Bush's abstinence man: Tom Coburn, head of the president's AIDS advisory council, preaches his preference for "just say no" over condom-based HIV education. (Health Update).Gay men have long subscribed to an AIDS prevention strategy that can be summed up in a single word: condoms. But now one of President Bush's top AIDS advisers, conservative Oklahoma physician and former U.S. representative Tom Coburn, says he would like to change that strategy--both inside and outside the gay community.
"I do believe in condoms for HIV HIV (Human Immunodeficiency Virus), either of two closely related retroviruses that invade T-helper lymphocytes and are responsible for AIDS. There are two types of HIV: HIV-1 and HIV-2. HIV-1 is responsible for the vast majority of AIDS in the United States. prevention," Coburn tells The Advocate. "But I also believe in informed consent about the effectiveness of condoms. Ask any expert you want, and they will tell you that condoms are not always effective, and people have a right to know this."
During his tenure in Congress, Coburn, who in January was tapped to cochair the Presidential Advisory Council on HIV and AIDS (along with former Health and Human Services Noun 1. Health and Human Services - the United States federal department that administers all federal programs dealing with health and welfare; created in 1979
Department of Health and Human Services, HHS secretary Louis Sullivan), called for warning labels on condom packages stating that they do not prevent the spread of some sexually transmitted diseases Sexually transmitted diseases
Infections that are acquired and transmitted by sexual contact. Although virtually any infection may be transmitted during intimate contact, the term sexually transmitted disease is restricted to conditions that are largely . In 2001, Coburn demanded the resignation of the director of the federal Centers for Disease Control and Prevention Centers for Disease Control and Prevention (CDC), agency of the U.S. Public Health Service since 1973, with headquarters in Atlanta; it was established in 1946 as the Communicable Disease Center. , Jeffrey Koplan, who he charged had kept from the "American people An American people may be:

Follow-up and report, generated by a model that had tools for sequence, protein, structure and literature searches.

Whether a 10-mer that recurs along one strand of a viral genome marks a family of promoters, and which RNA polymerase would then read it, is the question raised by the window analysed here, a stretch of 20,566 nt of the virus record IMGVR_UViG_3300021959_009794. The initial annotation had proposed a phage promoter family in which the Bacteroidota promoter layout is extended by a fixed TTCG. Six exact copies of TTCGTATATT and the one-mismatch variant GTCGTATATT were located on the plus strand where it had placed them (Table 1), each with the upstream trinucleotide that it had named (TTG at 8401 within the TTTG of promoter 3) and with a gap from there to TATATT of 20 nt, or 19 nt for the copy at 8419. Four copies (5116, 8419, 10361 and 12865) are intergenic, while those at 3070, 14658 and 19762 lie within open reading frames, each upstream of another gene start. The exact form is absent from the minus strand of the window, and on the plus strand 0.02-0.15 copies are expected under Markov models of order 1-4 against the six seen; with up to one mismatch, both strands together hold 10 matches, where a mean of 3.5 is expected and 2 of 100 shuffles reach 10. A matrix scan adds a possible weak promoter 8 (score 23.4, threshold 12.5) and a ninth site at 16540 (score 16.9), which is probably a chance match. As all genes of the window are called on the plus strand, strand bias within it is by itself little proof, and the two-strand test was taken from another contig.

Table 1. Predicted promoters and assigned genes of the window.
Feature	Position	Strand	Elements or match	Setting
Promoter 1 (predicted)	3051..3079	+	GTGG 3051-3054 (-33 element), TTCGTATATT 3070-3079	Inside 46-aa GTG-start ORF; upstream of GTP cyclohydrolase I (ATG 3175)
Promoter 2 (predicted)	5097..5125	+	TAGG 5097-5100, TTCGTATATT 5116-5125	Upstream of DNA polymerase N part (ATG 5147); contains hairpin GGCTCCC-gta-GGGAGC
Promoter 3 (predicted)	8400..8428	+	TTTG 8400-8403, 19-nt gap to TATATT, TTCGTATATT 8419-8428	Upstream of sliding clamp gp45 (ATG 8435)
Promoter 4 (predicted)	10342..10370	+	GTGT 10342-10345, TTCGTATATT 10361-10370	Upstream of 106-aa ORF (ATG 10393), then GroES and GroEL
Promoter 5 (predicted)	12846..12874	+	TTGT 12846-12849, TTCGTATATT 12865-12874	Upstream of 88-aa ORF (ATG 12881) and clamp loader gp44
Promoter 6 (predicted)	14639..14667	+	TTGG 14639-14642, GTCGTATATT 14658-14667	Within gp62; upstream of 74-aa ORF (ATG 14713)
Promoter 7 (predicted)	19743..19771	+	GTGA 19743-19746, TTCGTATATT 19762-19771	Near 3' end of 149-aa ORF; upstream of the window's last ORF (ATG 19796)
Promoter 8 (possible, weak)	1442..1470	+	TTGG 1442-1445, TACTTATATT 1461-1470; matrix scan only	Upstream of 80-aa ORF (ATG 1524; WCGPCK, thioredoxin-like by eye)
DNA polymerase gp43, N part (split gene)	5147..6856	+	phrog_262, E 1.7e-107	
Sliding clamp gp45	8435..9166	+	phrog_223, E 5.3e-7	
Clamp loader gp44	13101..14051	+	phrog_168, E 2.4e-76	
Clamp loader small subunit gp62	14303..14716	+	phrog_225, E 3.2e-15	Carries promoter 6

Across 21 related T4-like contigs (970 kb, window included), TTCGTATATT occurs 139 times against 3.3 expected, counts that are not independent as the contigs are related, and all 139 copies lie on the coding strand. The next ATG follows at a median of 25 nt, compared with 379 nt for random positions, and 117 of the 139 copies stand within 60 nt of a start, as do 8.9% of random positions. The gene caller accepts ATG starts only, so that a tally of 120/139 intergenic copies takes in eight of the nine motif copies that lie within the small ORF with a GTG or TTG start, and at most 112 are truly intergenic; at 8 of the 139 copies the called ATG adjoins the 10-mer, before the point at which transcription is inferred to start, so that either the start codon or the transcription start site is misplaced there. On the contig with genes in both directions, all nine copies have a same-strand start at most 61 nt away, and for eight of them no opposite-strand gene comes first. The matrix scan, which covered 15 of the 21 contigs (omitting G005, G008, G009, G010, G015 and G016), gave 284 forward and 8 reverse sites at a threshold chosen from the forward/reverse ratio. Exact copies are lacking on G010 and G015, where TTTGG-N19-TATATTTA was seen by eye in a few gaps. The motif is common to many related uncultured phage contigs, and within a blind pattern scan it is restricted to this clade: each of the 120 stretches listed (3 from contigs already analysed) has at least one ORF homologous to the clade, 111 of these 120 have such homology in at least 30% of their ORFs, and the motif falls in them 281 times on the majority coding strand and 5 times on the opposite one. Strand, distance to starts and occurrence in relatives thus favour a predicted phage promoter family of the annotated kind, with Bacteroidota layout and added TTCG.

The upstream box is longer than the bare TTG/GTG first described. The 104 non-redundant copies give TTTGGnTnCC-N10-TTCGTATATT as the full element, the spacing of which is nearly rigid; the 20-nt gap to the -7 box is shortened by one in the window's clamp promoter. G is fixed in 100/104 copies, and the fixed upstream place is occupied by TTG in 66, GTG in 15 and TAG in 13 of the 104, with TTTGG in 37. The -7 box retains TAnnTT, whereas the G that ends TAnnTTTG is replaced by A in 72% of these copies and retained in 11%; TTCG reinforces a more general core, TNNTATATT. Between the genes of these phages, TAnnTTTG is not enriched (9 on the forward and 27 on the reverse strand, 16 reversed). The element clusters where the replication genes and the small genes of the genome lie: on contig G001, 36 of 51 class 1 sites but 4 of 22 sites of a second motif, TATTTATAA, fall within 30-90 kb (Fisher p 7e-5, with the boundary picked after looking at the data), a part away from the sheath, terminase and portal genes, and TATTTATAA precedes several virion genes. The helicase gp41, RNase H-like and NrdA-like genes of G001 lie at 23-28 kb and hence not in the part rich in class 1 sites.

Coburn's position is a fundamental break with mainstream public health thinking. And even in the Bush administration, he hardly represents the majority view. Scott Evertz Scott Evertz (born in Washington DC) is currently the Vice President for International Affairs, OraSure Techonolgies. Prior to that, he was the first openly gay director of the Office of National AIDS Policy, , the president's openly gay director of the Office of National AIDS Policy The Office of National AIDS Policy (ONAP) coordinates the continuing domestic efforts to reduce the number of new infections in the United States. In addition, the Office works to coordinate an increasingly integrated approach to the prevention, care and treatment of , is a proponent of education that includes instructions about the proper use of condoms. Nevertheless, since Bush tapped Richard Carmona--a man many expect will focus on bioterrorism-related health concerns--as U.S. surgeon general The U.S. Surgeon General is charged with the protection and advancement of health in the United States. Since the 1960s the surgeon general has become a highly visible federal public health official, speaking out against known health risks such as tobacco use, and promoting disease in March, activists believe Coburn will become the president's go-to guy when it comes to HIV and AIDS.